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Editorial January 23, 2014  RSS feed

EDITORIAL

“Sad songs,” as Elton John wrote, “say so much.” In 21stcentury American politics, a particularly sad song continues to be sung by politicians of all sides.

There are no definite lyrics to the sad song of the American economy; the words are different from left to right, but the message is the same: “We need more jobs.”

It sounds upbeat, but this song is sad because it has no meaning. No matter who sings it, however loudly, there are no jobs coming. There are still millions of Americans who are unemployed or underemployed and struggling to make ends meet—and no aid is coming to them.

Government jobs and the service industry now lead the way in the American economy. In short, one in 15 of your fellow Americans has a government job, which provides solid wages and equally solid benefits.

Though the percentage of Americans working for the government is about what it was four decades ago, the public sector is nonetheless the largest employer in the nation.

Millions of others have secured low-wage, long-hour service industry jobs, which seems to be the only kind of job creation the private sector is creating these days.

Economists Martha Olney of the University of California at Berkeley and Aaron Pacitti of Siena College suggested the economy is slower to recover jobs today because it has grown far more dependent on people doing things as opposed to making things.

There is good evidence to support this conclusion. Manufacturing jobs pay more than service industry jobs, and those in the manufacturing industry are able to spend more than lowwage earners, thus pumping more into the economy—not to mention the government’s coffers in the form of tax revenue.

Manufacturing in America, of course, has plummeted since the 1970s, and those jobs are now few and far between. Meanwhile, we have been told that the path solid, good-paying jobs is through higher education.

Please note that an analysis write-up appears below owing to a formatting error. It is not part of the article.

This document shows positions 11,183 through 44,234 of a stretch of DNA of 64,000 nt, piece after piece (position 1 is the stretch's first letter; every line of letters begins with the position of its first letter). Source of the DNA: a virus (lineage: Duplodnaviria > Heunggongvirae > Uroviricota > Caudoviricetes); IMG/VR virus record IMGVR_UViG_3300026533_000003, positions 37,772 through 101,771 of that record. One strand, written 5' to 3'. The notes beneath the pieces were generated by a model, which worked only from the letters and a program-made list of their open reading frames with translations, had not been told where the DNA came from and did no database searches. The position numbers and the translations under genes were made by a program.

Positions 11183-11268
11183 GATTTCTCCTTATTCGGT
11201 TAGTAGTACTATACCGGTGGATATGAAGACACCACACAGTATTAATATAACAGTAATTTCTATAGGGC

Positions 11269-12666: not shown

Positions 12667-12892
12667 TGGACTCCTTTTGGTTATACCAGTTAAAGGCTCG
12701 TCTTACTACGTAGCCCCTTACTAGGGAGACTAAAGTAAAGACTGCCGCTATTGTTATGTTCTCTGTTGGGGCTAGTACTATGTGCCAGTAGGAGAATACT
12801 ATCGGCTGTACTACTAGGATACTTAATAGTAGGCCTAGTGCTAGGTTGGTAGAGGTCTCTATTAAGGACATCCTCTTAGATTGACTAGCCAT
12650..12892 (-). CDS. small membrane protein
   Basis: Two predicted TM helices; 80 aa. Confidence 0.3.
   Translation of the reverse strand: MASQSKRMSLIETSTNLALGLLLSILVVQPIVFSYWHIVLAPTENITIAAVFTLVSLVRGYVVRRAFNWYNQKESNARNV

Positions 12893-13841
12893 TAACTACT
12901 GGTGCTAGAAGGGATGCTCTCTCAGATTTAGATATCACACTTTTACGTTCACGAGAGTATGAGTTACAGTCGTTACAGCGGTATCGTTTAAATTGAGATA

After World War II, the U.S. had the highest high school graduation rate in the world. Today, we have dropped to 22nd out of 27 industrialized nations. Some 1.1 million American students drop out of school every year, and less than half of American students finish college.

Adding salt in the wound, college graduates have had the roughest time since the Great Recession, as some have had to wait months, even years before landing full-time jobs in the fields for which they majored.

This economy is a disaster, no matter what the politicians tell you. The next great answer to our economic malaise, they claim, is raising the minimum wage to $10, even $15 per hour.

But it’s really just another sad song with no meaning, as the minimum wage increase is only a temporary fix to the standard of living for a few, not a cure-all to the real problem affecting everyone—the lack of solid jobs for the millions of people in this country who want and need them.

It’s time to stop singing about few jobs and low wages— and time to do something about it.